Ron Flockhart played an exciting style of hockey. He single-handedly attempted to dance through the entire opposition. He'd often refuse to pass to open teammates, instead attempting - and sometimes succeeding - to put on the extra move on the defenseman - and then another! He could turn a goalie as white as a ghost, or turn his coach redder than a beet.
"I get so wound up, so involved in what I'm doing, so carried away that I'd rather make the extra move," explained Flockhart. "Sometimes it works, and then I want to make another one. That's when I should move the puck, after the first one. Its a lack of concentration. Uh....greed is probably a good word for it."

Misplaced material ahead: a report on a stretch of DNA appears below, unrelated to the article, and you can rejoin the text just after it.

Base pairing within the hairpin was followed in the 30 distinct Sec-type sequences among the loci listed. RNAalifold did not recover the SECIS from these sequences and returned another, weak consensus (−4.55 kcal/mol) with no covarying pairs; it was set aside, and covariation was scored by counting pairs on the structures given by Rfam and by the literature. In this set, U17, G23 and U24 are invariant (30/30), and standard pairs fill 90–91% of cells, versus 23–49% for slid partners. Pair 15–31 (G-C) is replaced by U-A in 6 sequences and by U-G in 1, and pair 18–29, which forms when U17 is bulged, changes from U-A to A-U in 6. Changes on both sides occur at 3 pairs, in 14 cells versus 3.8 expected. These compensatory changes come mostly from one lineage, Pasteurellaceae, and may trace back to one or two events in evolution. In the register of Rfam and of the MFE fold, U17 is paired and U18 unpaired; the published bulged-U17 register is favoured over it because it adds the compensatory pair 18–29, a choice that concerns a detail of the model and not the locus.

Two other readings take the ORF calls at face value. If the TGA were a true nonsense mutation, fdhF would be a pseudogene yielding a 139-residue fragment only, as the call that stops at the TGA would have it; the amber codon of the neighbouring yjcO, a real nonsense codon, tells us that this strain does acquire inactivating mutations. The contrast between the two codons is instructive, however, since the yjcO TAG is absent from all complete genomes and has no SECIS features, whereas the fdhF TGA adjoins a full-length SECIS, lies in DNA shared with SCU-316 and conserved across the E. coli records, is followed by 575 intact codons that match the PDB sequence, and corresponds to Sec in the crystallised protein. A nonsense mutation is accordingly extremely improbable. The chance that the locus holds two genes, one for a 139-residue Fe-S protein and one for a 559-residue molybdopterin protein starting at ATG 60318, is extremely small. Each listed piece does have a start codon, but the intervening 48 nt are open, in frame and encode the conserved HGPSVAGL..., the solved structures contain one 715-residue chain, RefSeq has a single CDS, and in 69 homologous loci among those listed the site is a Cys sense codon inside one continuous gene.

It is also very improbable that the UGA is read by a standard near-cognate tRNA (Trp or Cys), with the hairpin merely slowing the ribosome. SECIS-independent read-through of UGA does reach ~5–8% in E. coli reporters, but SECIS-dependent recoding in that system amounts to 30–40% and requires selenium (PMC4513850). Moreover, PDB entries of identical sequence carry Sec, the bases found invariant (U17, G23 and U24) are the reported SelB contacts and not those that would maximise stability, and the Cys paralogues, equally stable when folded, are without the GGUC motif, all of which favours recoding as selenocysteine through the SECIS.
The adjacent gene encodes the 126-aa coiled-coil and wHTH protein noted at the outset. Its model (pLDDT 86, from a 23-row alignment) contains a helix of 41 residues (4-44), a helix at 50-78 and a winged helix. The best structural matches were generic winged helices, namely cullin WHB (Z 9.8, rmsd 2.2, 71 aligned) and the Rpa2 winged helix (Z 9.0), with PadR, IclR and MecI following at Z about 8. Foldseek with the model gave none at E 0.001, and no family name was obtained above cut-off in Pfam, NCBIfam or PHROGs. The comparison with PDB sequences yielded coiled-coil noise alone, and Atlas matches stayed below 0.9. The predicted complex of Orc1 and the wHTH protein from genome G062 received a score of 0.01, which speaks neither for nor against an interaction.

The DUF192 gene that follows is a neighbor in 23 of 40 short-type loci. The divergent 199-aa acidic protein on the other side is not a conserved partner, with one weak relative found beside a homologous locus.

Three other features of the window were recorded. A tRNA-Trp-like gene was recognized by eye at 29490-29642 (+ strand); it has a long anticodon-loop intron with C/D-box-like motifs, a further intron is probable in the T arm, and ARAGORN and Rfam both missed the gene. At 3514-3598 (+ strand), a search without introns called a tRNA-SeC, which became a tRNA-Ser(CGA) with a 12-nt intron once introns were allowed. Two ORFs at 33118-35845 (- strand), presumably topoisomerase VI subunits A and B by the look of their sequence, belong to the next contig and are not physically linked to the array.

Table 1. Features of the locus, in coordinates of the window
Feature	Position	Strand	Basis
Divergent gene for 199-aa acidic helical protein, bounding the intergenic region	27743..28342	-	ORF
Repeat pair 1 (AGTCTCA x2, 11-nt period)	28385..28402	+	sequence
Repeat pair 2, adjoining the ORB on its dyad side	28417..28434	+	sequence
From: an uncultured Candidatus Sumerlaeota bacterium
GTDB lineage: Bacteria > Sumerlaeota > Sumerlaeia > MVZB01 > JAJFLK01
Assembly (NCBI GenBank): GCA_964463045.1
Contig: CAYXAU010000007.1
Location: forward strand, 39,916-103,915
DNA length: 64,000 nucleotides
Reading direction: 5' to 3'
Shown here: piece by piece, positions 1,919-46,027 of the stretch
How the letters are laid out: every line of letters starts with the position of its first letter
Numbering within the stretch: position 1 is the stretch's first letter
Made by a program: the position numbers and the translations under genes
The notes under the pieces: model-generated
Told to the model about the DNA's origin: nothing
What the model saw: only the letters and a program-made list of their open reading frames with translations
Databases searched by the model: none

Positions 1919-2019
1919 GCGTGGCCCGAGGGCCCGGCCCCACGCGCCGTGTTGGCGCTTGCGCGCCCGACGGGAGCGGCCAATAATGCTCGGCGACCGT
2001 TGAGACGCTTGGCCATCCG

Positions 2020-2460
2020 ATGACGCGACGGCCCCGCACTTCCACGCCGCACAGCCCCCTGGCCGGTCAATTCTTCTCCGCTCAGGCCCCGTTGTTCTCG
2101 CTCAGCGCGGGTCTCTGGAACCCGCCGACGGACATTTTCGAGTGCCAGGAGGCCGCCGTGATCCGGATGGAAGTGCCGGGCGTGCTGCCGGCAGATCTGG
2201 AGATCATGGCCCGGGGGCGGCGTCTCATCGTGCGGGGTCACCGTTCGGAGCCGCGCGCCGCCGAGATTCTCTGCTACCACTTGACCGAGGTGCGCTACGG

Early in his career, especially in Philadelphia, fans forgave Flockhart for his faults. "Flocky Hockey" was popular
Critics raved early on in his career.
"He's the most exciting player to join the National Hockey League since Wayne Gretzky" said Hockey Night In Canada broadcaster Howie Meeker.
"He reminds me of Gilbert Perreault" said Los Angeles standout defenseman Dave Lewis.
Not bad for a kid who initially didn't want to play hockey. At age three his mom forced him to play hockey. "I hated it" he remembers with a laugh. "My mom had to force me. Second year, she couldn't get me off the ice!
Flockhart was discovered early on in his career by two members of the Flyers glory year teams. Brothers Joe and Jimmy Watson, ace defensemen, returned to their small town home in remote northern British Columbia called Smithers where they held a hockey school every summer for the local kids. Ron was one of them, and even at an early age made an impression on the NHLers.
"The little bleep never passed the damn puck," was Joe Watson's first memory of Flockhart.
Here's the full Ron Flockhart biography